From exhaustive talent searches to comprehensive skills testing and candidate vetting, companies invest significant resources into finding the perfect new hire. But not every company makes a similar investment in their employee onboarding process. This failure represents a huge missed opportunity as a strong onboarding program correlates with higher employee retention rates. Research from the Aberdeen Group found that 66% of companies with onboarding programs report a higher rate of successful new hire assimilation into company culture, 62% had higher time-to-productivity ratios, and 54% reported higher employee engagement.
First impressions are incredibly important, and a candidate’s first impression of a company is no exception. A new hire’s first interactions with a firm sets the foundation for the rest of the relationship.
This employee onboarding checklist will set your new hire up for success:
Before the first day
As soon as a candidate has accepted your offer, arrange for leaders and peers to reach out to the new hire to offer congratulations and express their excitement to have them on board. A designated person should also give the new hire any important information they need to know to prepare for the first day. Starting a new role can be daunting and understanding where to park, what to wear and even who to ask for when they arrive can put the hire more at ease. Making time to take the new employee to lunch can make them feel part of the team and lead to more productive hire and overall team.
After a candidate has turned in their notice and before they start at a new job can be a time of stress and uncertainty. It’s also common for your new hire’s former employer to try to lure them back. Consistent contact creates a bond that reassures your new hire, you and your firm are thrilled to have them on board.
On the first day
The worst experience for a new hire is to show up at work, be ushered to a desk where their laptop and phone haven’t been set up, and then left to languish because their boss is in meetings all morning. To avoid this, it’s critical that someone at your company take ownership of scheduling every part of a new hire’s first day. Starting on the first day and continuing throughout the week, a new hire should have the opportunity to meet with the entire team, anyone who they will partner with, and ideally senior leaders.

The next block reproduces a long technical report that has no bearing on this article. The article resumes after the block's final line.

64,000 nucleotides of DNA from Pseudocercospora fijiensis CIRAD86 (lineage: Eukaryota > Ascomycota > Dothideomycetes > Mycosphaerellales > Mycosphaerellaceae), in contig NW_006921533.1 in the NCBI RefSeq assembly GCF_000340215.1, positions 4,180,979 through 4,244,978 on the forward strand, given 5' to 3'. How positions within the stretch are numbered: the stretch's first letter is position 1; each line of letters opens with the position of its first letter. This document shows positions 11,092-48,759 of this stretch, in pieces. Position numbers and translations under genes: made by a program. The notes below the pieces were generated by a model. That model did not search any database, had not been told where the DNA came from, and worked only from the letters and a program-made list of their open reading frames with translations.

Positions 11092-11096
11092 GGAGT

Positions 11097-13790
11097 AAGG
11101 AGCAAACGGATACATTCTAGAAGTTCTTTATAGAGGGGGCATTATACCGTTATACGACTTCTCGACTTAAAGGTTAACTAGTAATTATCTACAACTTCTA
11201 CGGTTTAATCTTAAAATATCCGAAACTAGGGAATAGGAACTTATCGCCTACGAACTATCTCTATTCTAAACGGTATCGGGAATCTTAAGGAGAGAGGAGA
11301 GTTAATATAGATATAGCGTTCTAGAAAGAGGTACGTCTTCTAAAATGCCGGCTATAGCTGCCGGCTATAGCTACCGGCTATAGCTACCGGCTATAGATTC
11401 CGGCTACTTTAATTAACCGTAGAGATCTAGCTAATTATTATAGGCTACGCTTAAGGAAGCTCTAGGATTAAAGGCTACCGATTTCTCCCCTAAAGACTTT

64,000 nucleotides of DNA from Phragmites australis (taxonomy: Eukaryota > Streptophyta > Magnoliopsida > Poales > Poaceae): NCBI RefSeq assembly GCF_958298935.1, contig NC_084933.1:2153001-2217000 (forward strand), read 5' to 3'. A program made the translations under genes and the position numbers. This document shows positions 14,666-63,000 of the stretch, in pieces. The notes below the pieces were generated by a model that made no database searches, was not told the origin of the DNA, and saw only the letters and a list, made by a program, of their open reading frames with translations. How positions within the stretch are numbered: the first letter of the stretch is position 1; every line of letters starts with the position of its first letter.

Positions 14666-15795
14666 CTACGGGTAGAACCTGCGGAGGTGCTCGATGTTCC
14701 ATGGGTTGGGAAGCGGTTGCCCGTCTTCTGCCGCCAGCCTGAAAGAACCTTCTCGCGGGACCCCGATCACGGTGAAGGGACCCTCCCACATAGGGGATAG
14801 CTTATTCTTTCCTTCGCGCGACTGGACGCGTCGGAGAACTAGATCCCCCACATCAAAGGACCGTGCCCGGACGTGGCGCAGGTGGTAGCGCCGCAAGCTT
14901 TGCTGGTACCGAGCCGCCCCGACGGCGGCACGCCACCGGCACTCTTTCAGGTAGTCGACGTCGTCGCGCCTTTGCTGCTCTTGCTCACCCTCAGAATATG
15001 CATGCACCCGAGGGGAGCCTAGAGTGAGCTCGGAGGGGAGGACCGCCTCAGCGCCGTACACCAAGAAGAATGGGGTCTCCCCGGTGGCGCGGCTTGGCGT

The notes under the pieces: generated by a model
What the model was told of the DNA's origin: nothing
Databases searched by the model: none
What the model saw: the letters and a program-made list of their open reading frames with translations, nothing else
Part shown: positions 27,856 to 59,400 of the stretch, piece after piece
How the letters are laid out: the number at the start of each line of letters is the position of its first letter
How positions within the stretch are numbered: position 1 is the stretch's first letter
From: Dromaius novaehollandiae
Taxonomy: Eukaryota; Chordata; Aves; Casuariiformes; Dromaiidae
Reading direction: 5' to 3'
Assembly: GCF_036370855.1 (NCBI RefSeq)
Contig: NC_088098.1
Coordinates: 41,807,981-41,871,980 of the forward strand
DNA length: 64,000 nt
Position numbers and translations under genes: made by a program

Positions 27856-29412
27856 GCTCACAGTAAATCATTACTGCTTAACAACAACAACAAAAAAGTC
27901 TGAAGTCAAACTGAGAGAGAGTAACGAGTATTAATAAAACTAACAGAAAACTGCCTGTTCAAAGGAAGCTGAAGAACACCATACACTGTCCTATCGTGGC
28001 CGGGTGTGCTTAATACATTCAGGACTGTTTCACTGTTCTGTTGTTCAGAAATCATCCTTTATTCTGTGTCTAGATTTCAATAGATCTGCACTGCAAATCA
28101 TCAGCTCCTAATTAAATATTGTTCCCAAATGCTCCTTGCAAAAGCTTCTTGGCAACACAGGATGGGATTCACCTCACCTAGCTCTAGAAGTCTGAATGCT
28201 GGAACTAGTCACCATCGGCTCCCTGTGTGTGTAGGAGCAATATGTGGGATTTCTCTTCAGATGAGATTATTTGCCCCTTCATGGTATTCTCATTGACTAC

At Lucas Group, we have a specific first day program. When a new hire starts, their first day is a series of conversations with senior people from different parts of the business, ranging from the CEO to the Head of Marketing. People from all over the company also introduce themselves. We always designate someone to take the new hire out to lunch. From day one, our goal is to ensure our new hires feel like they are part of the Lucas Group family.
After the first day
Onboarding doesn’t end after the first day or first week. I advise clients to develop a formal retention policy with regular check ins throughout the first year. At Lucas Group, we touch base with candidates we have placed after the first week and then again at the three month, six month, and one year mark. Keeping an open communication line helps ensure that new hires continue to feel connected and valued by the company.
It’s also important to recognize any specific achievements, especially during the first year. This type of positive reinforcement inspires new hires to work harder and more confidently.
Onboarding is your chance to communicate the company’s values to your new hires, sell the company’s vision and make them feel connected to the team. The strength of your onboarding process will determine your ability to retain the best talent. When people merely like their job, they are always open to leaving. But when they love their job, they see themselves intertwined into your company’s future and are more in it for the long haul.
Does your firm have a formal employee onboarding process? I invite you to share more about how your welcome new employees in the comments below.
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